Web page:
Source: Alpro

There are currently no specific regulations on what can or cannot be described as dairy-free

Tighter regulation on what constitutes dairy-free food and drink should be introduced to avoid further allergy scandals, the founder of dairy alternative brand CoYo has urged.

Unlike the law on gluten-free products, there are no specific regulations on what can or cannot be described as dairy-free.

As a result, producers were “in the dark” and faced a “minefield” of different testing methods and a lack of industry guidelines, said Bethany Eaton, who said the current regime “isn’t right and needs to change”.

CoYo was implicated in the Pret scandal last October after the chain linked the death of a customer from an allergic reaction to a “mis-sold” dairy-free yoghurt by the brand - later found to contain dairy protein.

It categorically denied Pret’s “unfounded” claims. But following the incident, CoYo had introduced an “extremely robust” testing regime to back up its dairy-free credentials, Eaton said.

As part of her research, she was “astonished” to discover there was no set standard for what constituted dairy-free, with a number of different tests available with varying levels of accuracy, while many manufacturers relied solely on specifications given by their raw ingredient suppliers.

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Food manufacturers and brand owners either didn’t know what to test for, or were testing for total milk content, when there were more rigorous tests available. For example, one UKAS-accredited lab tested for less than 0.5mg/kg for casein, whereas another tested for less than 0.2mg/kg. “People could potentially still die from lesser levels of contamination,” she added.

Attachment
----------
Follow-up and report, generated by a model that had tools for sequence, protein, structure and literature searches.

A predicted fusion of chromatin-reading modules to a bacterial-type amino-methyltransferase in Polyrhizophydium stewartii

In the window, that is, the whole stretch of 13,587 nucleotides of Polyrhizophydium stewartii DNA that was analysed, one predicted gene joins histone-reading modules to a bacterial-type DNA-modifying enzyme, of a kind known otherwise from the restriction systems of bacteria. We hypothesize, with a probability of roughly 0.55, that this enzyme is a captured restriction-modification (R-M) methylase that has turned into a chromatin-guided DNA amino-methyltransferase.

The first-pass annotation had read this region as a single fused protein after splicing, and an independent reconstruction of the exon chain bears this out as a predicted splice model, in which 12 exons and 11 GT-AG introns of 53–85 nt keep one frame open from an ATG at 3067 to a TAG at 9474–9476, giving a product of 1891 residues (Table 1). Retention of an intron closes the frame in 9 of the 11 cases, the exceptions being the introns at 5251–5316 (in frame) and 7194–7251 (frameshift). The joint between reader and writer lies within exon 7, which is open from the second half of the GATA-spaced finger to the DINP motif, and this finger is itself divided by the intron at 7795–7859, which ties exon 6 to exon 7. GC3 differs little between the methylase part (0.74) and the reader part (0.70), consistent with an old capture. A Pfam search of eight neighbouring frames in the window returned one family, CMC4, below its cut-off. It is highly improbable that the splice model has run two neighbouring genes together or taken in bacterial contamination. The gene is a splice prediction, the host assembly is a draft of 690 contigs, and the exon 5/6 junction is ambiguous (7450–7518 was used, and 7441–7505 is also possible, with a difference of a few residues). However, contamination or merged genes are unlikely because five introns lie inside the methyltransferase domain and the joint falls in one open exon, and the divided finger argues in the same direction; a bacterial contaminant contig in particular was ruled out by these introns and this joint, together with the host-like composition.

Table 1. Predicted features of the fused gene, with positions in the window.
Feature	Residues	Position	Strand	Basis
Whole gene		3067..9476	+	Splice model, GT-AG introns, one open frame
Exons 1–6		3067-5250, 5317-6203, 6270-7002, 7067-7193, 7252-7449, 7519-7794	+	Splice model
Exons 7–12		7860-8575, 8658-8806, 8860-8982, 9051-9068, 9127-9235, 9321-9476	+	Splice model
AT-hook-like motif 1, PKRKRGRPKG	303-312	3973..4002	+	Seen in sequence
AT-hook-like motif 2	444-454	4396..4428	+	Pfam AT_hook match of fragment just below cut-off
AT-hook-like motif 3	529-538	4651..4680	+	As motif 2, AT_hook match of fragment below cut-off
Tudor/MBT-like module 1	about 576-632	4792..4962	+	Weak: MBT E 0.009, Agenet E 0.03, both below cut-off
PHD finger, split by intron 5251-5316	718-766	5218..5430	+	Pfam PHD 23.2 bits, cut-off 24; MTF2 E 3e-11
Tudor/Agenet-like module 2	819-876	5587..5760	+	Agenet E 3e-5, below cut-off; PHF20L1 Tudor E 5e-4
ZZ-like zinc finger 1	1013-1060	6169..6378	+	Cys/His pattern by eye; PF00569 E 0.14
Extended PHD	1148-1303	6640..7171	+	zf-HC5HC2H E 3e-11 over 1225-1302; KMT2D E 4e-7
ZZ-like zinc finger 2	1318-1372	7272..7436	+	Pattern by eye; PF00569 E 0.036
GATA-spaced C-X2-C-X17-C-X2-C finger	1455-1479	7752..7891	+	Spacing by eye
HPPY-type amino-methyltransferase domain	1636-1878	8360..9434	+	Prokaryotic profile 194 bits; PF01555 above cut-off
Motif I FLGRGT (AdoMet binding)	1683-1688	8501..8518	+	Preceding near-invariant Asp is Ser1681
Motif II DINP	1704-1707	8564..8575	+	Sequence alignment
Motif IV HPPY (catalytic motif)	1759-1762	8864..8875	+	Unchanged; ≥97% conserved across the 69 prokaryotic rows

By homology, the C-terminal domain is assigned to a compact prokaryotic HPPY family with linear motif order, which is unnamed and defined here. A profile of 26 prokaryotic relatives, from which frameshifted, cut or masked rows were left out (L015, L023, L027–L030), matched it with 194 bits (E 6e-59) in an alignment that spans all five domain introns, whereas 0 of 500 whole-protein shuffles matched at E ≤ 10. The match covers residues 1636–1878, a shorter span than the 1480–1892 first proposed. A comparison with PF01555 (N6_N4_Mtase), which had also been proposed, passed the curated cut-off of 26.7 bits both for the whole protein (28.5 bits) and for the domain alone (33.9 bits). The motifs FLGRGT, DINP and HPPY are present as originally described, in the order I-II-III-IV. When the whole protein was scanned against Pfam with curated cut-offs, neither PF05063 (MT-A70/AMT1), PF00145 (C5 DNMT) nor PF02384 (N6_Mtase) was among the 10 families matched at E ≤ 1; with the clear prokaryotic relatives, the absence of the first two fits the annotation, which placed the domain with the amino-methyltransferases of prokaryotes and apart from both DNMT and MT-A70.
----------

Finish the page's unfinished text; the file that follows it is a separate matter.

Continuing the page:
“I want someone to assist us in setting a standard for manufacturers on testing to back up dairy-free claims,” she said. “They should highlight the best tests to carry out to make a dairy-free claim, allowing companies to be safe in the knowledge they are following best practice.”

Introducing new ­regulations and guidelines would “undoubtedly help stop further deaths or serious illness by dairy allergy sufferers,” Eaton suggested. “I feel this matter is not being taken seriously and that people are ignoring the realities that exist around it.”

Eaton said she had lobbied environment secretary Michael Gove on the matter. However, the FSA, which regulates allergen rules, would not be drawn on whether it favoured legislating on the matter, or any other free-from claims, and does not recommend any specific tests.

“Dairy generally means any food made from milk or milk products,” said Keith Millar, the head of the FSA’s allergy and intolerance team. “There are no established legal limits for dairy-free or milk-free claims; but it is illegal for any claim made on a product to be misleading.”

He added: “In the absence of such limits, we consider that this will need to be a negative testing result, where the allergen concerned cannot be detected using the best and most appropriate method of detection.”

Read more: FSA to gather data on allergic reactions in restaurants, pubs and cafés